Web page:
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"A Moveable Feast": New and Old Portability under AC21 105 (Part VII)
by Angelo A. Paparelli and Janet J. Lee


Revoking the LCA

With the above issues in mind, [See "'A Moveable Feast': New and Old Portability under AC21 105 (Part VI)"] the initial employer must also decide whether to revoke the LCA. The possibility of the resigning worker's return to the initial employer may be a reason not to revoke the LCA, but if the employer's standard practice is to revoke the LCA, the employer may likely wish to continue.107 However, the initial employer should consider the possibility that this practice may be considered to be against public policy. The Senate Judiciary Committee's report noted that Congress was concerned about H-1B employees being exploited based on their legal status.108 By providing increased worker mobility, Congress likely intended to reduce the potential harm for employees to change employers. Moreover, given the potential liability employers may face for certain actions taken after the employment relationship ends, one could argue that revoking the LCA may violate public policy.

There are several other considerations in deciding whether to revoke the LCA. First, the employer must consider the importance of limiting liability under the LCA. A complaint regarding a failure to meet a condition or a misrepresentation made on the LCA must be filed no later than 12 months after "the date of the failure or misrepresentation."109 The DOL's interim final H-1B regulations provide that if the employer withdraws the LCA, "the provisions of this part will no longer apply with respect to such application" with the exception of provisions involving the wage and working conditions requirement and no-strike/lockout provisions.110 On a related matter, the DOL's position of requiring a bona fide termination to be relieved of the obligation to pay wages during certain nonproductive time places employers in the position of being obliged to revoke the H-1B petition and LCA.111 Second, the employer will want to avoid the possibility of gaining H-1B dependent status,112 because such a determination will require the employer to meet additional attestation requirements, including a "no-layoff attestation" and "recruitment attestation."113 The employer would want to avoid situations in which H-1B petitions and LCAs filed on behalf of workers who are no longer employed with the company are counted toward the determination of H-1B dependent status. Both of these factors support the conclusion that the employer should revoke the LCA after the H-1B worker resigns from employment.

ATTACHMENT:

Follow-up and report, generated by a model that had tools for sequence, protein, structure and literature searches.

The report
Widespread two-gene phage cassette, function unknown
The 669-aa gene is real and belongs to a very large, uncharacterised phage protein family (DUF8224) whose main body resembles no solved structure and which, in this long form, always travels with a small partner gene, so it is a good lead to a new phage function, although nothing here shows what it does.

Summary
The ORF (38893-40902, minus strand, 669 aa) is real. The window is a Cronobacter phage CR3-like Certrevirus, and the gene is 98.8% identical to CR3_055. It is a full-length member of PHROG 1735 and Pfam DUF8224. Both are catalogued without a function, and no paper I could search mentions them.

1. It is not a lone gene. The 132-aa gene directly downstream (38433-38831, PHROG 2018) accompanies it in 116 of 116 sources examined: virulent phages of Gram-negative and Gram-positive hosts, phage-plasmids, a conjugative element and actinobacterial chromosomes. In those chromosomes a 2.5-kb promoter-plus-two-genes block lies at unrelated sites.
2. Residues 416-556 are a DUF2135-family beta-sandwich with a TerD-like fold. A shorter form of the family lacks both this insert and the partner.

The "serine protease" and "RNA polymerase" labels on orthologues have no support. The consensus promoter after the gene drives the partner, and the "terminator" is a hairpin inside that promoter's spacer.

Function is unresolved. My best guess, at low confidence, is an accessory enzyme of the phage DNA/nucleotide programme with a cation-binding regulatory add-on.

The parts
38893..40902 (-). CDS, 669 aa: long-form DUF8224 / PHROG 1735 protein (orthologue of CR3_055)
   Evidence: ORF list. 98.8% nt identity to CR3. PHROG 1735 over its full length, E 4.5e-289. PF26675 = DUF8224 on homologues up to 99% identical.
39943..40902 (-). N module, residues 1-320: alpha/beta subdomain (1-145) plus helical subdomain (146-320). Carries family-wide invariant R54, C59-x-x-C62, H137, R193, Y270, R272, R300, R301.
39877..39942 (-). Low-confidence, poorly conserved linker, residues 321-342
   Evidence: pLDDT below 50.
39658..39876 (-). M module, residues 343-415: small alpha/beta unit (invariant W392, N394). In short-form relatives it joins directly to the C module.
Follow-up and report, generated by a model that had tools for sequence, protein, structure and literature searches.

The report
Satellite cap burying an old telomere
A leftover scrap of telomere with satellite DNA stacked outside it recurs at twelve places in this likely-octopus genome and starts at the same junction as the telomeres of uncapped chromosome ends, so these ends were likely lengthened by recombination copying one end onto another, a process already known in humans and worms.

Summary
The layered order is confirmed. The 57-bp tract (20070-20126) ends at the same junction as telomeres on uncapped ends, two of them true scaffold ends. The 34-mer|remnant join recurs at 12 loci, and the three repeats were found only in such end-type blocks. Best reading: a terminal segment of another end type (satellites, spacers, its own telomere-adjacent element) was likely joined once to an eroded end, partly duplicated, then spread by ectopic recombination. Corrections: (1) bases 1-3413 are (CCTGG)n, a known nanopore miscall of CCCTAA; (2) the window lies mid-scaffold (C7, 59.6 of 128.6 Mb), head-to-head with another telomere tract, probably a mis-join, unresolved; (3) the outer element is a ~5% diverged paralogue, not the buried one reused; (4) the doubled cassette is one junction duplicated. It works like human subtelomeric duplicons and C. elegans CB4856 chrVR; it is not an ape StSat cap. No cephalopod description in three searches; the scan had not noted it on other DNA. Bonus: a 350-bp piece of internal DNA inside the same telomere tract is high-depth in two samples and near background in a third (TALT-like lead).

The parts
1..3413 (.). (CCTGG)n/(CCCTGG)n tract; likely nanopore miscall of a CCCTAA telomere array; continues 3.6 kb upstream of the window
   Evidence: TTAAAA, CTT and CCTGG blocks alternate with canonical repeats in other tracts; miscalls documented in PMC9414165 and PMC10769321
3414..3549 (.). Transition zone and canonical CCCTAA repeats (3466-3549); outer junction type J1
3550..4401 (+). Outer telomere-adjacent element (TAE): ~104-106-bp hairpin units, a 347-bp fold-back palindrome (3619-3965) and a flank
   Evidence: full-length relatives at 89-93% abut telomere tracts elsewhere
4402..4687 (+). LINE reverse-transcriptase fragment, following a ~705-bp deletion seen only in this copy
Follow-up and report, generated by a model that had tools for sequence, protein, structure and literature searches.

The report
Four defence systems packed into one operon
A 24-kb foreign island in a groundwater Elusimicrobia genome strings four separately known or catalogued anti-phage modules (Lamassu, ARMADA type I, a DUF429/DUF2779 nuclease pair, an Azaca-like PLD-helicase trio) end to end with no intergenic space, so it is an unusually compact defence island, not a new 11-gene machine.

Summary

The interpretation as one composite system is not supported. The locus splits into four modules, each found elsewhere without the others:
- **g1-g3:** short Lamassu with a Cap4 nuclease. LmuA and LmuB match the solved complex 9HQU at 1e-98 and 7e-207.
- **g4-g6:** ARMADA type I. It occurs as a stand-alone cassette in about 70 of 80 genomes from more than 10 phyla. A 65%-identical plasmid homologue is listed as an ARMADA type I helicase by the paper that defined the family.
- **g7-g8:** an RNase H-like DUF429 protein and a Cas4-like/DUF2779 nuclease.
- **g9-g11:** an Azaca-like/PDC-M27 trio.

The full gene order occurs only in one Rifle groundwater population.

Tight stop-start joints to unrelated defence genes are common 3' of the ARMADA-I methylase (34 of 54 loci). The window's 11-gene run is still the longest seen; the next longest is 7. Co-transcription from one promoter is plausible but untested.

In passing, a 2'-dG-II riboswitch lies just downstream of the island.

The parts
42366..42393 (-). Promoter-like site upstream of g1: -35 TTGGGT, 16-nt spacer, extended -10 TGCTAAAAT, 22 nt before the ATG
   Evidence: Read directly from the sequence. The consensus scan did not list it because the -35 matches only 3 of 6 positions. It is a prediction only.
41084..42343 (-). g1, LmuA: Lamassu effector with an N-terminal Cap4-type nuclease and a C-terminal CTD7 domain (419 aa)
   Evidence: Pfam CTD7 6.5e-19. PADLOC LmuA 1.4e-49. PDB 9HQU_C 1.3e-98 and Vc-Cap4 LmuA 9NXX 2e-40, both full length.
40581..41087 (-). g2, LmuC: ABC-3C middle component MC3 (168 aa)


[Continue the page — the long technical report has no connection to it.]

However, there is a reason not revoke the LCA, which is in situations where the worker's employment was covered by a "blanket LCA."114 DOL regulations permit employers to cover more than one intended position ("employment opportunity") within the same occupation. A blanket LCA would cover more than one individual and maybe more than one intended place of employment. Thus, revoking the LCA in this situation would be impractical since other current H-1B employees would likely be covered.

© Copyright 2001 Paparelli & Partners LLP. Published with permission.

107 20 C.F.R. 655.750(b)(1); 8 C.F.R. 214.1(h)(11)(i).
108 S. Rep. No. 106-260, at 22-23 (2000).
109INA 212(n)(2)(A); 20 C.F.R. 655.750(b)(1).
11065 Fed. Reg. 80,110, 80,234 (Dec. 20, 2000) (to be codified at 20 C.F.R. 655.805(d)).
111Id. at 80,171 (supplementary information).
112 The definition of H-1B dependence is included in INA 212(n)(3)(A). An H-1B dependent employer is one who: has 25 or fewer full-time equivalent employees who are employed in the United States and employs more than 7 H-1B nonimmigrants; has at least 26 but not more than 50 full-time equivalent employees who are employed in the United States and employs more than 12 H-1B nonimmigrants; or has at least 51 full-time equivalent employees who are employed in the United States and employs H-1B nonimmigrants in a number that is equal to at least 15% of the number of such full-time equivalent employees.
113INA 212(n)(1)(E)-(G); 65 Fed. Reg. 80,110, 80,223-31 (Dec. 20, 2000) (to be codified at 20 C.F.R. 655.736-655.739).
114 INA 212(n)(2)(A); 20 C.F.R. 655.750(b)(1); 65 Fed. Reg. 80,110, 80,213 (Dec. 20, 2000) (to be codified at 20 C.F.R. 655.730(c)(2)).

About The Author

Angelo A. Paparelli ( has been practicing business-sponsored immigration law for over 20 years, and is the managing partner of Paparelli & Partners LLP in Irvine, California. He is a nationally recognized speaker, published author and leading expert on cutting-edge business-related immigration issues, including the immigration consequences of mergers, acquisitions, reorganizations and other business changes, consular visa practice, audits of employers' compliance with immigration and labor regulations, and employment-based work visas. Mr. Paparelli is certified as a Specialist in Immigration and Nationality Law by the State Bar of California, Board of Legal Specialization.

Janet J. Lee is an associate at Paparelli & Partners LLP. Ms. Lee is admitted to practice law in the State of California. Before joining the firm she served as Executive Editor of The Labor Letters, Inc. from 1997 to 2000. She can be reached at

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